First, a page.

After being ejected, Kra'ang's black ship went over the orange labyrinth and into the city, just below the hovering Great Old One that covered Qada'ath. Now, because those moments in a character's life are meant to reverberate (creating outward ripples that keep going), I have something special planned between Kra'ang and Morningwood, based on that critical-success of the destiny die. But that won't be revealed until next session.
Before the end, the other PCs ransacked the administrative building and then went into hiding among the outer settlements.
Now, there was one last thing to do. I came up with something for downtime between sessions over here, and wanted to give it a go. Below is what each PC chose...
- Nix wanted to find a secret way into the city, which he had overheard was a possibility.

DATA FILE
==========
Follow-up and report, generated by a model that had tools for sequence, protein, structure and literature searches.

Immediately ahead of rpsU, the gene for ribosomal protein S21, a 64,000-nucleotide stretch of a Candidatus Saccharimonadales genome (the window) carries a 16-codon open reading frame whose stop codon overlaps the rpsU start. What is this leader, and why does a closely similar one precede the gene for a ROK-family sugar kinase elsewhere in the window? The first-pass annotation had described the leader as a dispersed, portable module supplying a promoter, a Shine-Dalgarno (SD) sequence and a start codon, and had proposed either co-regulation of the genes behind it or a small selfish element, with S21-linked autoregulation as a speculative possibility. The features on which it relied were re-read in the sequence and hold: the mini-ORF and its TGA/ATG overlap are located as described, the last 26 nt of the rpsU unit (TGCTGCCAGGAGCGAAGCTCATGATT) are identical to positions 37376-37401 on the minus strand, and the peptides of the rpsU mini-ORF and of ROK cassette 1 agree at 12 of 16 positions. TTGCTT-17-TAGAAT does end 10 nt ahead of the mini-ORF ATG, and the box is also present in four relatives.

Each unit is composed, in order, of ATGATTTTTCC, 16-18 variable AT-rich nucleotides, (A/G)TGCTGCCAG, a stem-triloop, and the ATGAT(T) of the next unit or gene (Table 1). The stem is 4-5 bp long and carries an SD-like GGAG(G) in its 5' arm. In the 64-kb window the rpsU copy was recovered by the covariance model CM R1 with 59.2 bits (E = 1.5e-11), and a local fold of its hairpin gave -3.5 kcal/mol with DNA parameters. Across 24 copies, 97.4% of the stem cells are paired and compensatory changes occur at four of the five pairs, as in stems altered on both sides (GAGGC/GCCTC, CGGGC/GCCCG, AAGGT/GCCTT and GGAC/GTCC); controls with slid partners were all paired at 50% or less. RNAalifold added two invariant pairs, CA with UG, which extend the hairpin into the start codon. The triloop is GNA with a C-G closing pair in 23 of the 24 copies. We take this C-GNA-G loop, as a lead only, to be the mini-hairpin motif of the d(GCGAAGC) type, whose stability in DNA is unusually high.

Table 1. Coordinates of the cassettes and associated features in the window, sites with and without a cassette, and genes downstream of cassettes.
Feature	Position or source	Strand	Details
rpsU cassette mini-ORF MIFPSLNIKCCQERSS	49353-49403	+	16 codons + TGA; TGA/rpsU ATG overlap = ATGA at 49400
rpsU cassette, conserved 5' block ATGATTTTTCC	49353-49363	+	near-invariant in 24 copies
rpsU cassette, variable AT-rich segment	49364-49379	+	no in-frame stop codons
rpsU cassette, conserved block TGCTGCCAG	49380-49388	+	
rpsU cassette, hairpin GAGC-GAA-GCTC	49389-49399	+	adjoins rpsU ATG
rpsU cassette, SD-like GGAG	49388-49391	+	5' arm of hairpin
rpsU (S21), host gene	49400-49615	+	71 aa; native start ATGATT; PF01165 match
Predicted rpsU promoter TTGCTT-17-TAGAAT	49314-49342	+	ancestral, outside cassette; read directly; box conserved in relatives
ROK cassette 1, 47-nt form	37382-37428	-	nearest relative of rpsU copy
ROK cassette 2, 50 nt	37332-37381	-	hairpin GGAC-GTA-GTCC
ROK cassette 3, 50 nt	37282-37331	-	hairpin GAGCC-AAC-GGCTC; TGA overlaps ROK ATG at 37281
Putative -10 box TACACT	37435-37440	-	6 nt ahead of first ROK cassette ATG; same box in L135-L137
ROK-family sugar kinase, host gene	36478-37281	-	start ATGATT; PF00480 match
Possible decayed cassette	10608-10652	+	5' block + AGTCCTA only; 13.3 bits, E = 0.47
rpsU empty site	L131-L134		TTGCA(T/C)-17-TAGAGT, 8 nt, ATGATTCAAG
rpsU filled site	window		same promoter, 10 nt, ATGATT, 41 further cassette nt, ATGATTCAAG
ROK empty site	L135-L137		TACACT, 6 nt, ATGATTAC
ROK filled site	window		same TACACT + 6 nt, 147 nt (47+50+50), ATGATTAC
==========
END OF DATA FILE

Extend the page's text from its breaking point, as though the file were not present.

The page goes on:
- Drogan sought understanding of high-tech medicine used my the Federation [after the last fight and Talis was wounded, we learned/decided that priests using their supernatural gifts can't heal droids].
- Talis wants to hunt the hunters, taking the seek-and-destroy to the Federation, instead of waiting for the Federation to get the PCs.
- Ha'agly Morningwood also wanted to keep an eye on the Federation and find an alternative into the city... so, basically assisting Nix.
At the beginning of next session in 2 weeks, I'll roll to see how well everyone did, which will push the story forward. As Roger suggested in a comment on that blog post, it's a way of making narrative sense why a certain PC isn't around if that player can't show up for whatever reason. Let's say that Nix's player can't make it. Well, his search for that hidden way into Qada'ath is a perfect reason why he's not with the rest of the group for the subsequent adventure.